Anxiety, Stress, and Gratefulness

What sums up 2020 for you and your family?

For us, it’s been anxiety, stress, and gratefulness.

Anxiety – the virus turning into a global pandemic reminded me of when I first became a parent. What is happening? How do I get myself through this? How do I help my sons get through this? Time shifted. It slowed much like it did when my sons were newborns, not knowing what each new day would bring, and bracing myself as I learned and adjusted.

Stress – much like giving birth trying to figure out how to survive — what we were seeing on the news, schools shutting down, work going remote, isolation, boredom, not knowing, toxic politics, people suffering, inequality and injustice, and longevity of the situation setting in — could be overwhelming and feel like you were surviving a trauma over and over. Putting one foot in front of the other to make it through the day could be challenging, but you put on your survivor face cause you had kids that needed to know everything would be okay, even when you didn’t.

Gratefulness – nature and our cat have been lifelines for us this year. Simple things — a sunny day, a rainbow, petting our cat (or simply watching him play, run, or hunt), brought us great joy. Virtual dinner parties, friends reaching out to check in, our boys finding ways to physically distance but still be with their friends, are things we are grateful for. Our health. Masks. People taking the virus seriously. All things we are thankful for. A vaccine, maybe two, coming, hallelujah! Time picking back up, adjusting to our new normal, being healthy. Grateful. Grateful. Grateful.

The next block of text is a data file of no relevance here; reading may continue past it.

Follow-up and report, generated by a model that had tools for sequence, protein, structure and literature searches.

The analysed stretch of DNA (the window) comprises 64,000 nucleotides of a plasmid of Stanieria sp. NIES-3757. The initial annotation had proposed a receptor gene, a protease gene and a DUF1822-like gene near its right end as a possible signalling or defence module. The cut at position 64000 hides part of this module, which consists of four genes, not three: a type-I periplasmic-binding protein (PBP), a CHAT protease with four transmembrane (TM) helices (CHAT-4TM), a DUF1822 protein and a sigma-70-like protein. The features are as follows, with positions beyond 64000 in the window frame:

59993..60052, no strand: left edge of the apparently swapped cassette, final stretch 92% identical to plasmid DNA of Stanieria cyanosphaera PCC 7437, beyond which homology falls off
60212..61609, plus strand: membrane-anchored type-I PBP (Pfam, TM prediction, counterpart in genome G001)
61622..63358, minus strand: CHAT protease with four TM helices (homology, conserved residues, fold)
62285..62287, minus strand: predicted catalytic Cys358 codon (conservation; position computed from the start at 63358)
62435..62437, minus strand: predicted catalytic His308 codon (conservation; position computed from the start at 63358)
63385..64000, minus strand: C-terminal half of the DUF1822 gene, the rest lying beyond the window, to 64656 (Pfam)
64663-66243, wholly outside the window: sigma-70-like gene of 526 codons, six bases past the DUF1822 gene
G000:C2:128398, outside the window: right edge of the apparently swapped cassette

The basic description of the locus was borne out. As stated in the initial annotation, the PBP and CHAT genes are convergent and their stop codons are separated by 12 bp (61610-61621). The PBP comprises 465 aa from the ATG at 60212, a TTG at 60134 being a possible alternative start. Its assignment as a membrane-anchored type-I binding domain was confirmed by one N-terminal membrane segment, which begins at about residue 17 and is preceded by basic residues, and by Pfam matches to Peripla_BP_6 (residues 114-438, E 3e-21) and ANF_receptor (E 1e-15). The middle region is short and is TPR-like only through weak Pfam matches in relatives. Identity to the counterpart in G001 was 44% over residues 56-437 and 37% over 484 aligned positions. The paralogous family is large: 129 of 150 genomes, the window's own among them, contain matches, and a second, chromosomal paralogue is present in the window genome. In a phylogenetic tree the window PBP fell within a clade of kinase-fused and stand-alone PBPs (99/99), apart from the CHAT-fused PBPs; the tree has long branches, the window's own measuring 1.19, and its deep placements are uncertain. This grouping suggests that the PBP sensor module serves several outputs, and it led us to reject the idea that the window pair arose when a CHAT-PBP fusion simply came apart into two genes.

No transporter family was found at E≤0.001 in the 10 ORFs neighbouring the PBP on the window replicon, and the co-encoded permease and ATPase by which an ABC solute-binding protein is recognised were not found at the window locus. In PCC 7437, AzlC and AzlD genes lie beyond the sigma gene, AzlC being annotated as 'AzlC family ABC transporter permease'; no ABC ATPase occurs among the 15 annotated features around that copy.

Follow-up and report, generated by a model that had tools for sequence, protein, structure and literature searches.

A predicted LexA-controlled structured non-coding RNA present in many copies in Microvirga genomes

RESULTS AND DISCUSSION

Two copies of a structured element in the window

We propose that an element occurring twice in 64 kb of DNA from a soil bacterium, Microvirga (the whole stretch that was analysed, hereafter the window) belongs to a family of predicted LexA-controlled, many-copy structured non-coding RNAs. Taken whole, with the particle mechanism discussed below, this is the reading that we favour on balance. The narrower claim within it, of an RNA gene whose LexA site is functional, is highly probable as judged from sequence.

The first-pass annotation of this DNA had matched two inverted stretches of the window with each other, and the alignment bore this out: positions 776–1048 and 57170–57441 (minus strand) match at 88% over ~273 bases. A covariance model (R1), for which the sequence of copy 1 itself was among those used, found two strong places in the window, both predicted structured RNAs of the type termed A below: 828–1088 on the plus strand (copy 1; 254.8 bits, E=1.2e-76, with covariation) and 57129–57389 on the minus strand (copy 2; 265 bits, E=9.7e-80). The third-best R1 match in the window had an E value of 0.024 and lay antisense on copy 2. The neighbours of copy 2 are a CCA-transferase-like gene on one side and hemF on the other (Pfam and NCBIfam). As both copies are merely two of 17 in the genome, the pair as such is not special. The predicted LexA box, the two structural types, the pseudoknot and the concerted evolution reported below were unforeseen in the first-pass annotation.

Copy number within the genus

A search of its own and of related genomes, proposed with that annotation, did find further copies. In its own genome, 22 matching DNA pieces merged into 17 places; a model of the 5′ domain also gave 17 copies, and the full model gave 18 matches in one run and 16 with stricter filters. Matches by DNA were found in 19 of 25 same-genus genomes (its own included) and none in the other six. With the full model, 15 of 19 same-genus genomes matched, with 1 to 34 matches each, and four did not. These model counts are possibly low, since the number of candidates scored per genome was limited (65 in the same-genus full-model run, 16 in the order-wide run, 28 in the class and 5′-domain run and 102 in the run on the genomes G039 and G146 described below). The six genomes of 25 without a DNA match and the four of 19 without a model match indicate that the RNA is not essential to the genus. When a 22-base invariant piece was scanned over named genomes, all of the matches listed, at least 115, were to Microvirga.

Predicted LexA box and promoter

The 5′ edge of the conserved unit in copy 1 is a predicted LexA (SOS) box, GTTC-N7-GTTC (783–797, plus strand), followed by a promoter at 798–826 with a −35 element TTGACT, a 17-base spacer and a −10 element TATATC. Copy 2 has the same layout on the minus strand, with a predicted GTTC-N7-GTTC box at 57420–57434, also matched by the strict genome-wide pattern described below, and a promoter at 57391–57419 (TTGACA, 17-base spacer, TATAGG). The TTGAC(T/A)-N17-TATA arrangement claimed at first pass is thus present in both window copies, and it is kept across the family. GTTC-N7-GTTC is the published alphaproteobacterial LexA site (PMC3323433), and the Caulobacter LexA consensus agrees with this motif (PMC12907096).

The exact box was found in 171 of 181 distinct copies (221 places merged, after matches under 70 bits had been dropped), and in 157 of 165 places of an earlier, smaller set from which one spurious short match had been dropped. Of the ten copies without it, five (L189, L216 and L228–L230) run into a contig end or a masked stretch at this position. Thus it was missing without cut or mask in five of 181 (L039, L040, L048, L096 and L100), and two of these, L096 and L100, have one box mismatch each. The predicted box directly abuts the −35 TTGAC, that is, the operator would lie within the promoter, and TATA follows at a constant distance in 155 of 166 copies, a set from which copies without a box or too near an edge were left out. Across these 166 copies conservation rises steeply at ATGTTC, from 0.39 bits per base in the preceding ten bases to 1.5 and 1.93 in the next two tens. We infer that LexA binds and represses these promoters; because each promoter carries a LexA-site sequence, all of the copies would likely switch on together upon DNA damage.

What sums up 2020 for you and your family? What are you grateful for this year?

Happy Thanksgiving. I’ll be off next week, but back in December.

Wait For It

Since the pandemic started time has been a funny thing. Dragging by and then suddenly speeding up, then slowing, speeding up, and so on.

The summer was probably the hardest for us. With school over, and no ability to really do anything with friends or travel, the long-ness of the situation set in. My kids complained often how bored they were. We all were.